Why do these 2006 patterns matter? First, we should be wary of overestimating GOP enthusiasm for the VRA in 2006. True, Justice Scalia contended during oral argument that no sane politician would want to be on the wrong side of a bill that references  “voting rights.”  But deep pockets of more conservative GOP weren’t shy about going on record in favor of a sharply different VRA.   Second, the 2006 patterns have implications for the likelihood that the current Congress can restore the VRA.  Consider the following:

  • Most observers are skeptical that Congress will agree to a new formula.  That skepticism might seem at odds with the notion that few lawmakers as recently as 2006 wanted to be on the wrong side of protecting minority voting rights.  But partisanship on the House floor in 2006 suggests the opposite: The seeds of partisan polarization over the future of the VRA were already evident seven years ago.
  • The seeds of Senate GOP opposition were also evident in 2006.  The day before the president signed the bill into law, Judiciary Committee Republicans filed a revised committee report, a statement Democrats claimed spelled out a path for the Court to challenge the constitutionality of the VRA.   (Nathaniel Persily offers a very careful review of the 2006 events and their implications here.) Moreover, my hunch is that Senate Republicans in 2006 (led by moderate Republican Arlen Specter) faced more pressure as the Senate majority to carry the president’s water in reauthorizing the VRA than they would today as the Senate minority to support VRA renewal.   The majority party is more likely to be blamed for failure to govern than a minority party would be blamed for filibustering the VRA.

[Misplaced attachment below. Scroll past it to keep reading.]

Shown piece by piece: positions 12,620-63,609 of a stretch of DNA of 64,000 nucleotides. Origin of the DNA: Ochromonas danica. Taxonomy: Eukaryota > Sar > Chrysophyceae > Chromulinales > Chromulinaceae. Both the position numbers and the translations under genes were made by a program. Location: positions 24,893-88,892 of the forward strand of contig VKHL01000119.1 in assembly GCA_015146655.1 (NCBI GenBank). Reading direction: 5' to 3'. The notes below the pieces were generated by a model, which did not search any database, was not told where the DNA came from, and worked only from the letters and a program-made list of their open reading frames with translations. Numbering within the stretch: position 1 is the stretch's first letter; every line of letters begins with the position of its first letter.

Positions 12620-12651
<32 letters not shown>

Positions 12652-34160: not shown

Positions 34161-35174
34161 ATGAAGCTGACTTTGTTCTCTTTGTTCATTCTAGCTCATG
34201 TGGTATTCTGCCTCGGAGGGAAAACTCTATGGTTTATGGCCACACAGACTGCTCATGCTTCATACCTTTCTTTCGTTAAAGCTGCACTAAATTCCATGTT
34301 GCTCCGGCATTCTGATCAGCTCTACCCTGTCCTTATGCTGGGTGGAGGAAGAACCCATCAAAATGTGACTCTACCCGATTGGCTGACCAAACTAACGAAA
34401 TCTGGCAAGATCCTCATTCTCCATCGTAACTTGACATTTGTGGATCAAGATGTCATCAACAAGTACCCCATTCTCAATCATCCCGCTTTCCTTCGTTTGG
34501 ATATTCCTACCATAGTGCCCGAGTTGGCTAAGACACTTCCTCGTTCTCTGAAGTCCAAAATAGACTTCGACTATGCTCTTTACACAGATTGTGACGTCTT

• The Court’s hollowing out of the VRA this week has essentially legitimized Republicans’ long-brewing opposition to the VRA’s pre-clearance regime (even if the 5-4 decision cleanly divided Republican and Democratic appointed justices).   Even though the number of GOP House members representing previously covered districts remains a small percentage of the House GOP conference, my hunch is that the Court’s decision makes it electorally safer for Republicans not affected by the VRA to break from the bipartisan consensus on the Act.  The Court’s decision might in fact unleash conservative groups on the right to more aggressively seek to block GOP lawmakers from returning to the bipartisan fold on the VRA.

To be sure, not all Republicans oppose redressing the gaping hole in the VRA.  No less than Majority leader Eric Cantor noted this week that “I’m hopeful Congress will put politics aside, as we did on that trip [to Selma with Democrat John Lewis of Georgia], and find a reasonable path forward that ensures that the sacred obligation of voting in this country remains protected.”  Of course, it’s one thing to declare a principled position and quite another thing to corral a recalcitrant GOP conference into bipartisan agreement. But Cantor’s sentiment suggests that at least some Republicans might retain—for strategic or principled reasons—a commitment to exploring ways of recovering the core of the nation’s voting rights regime.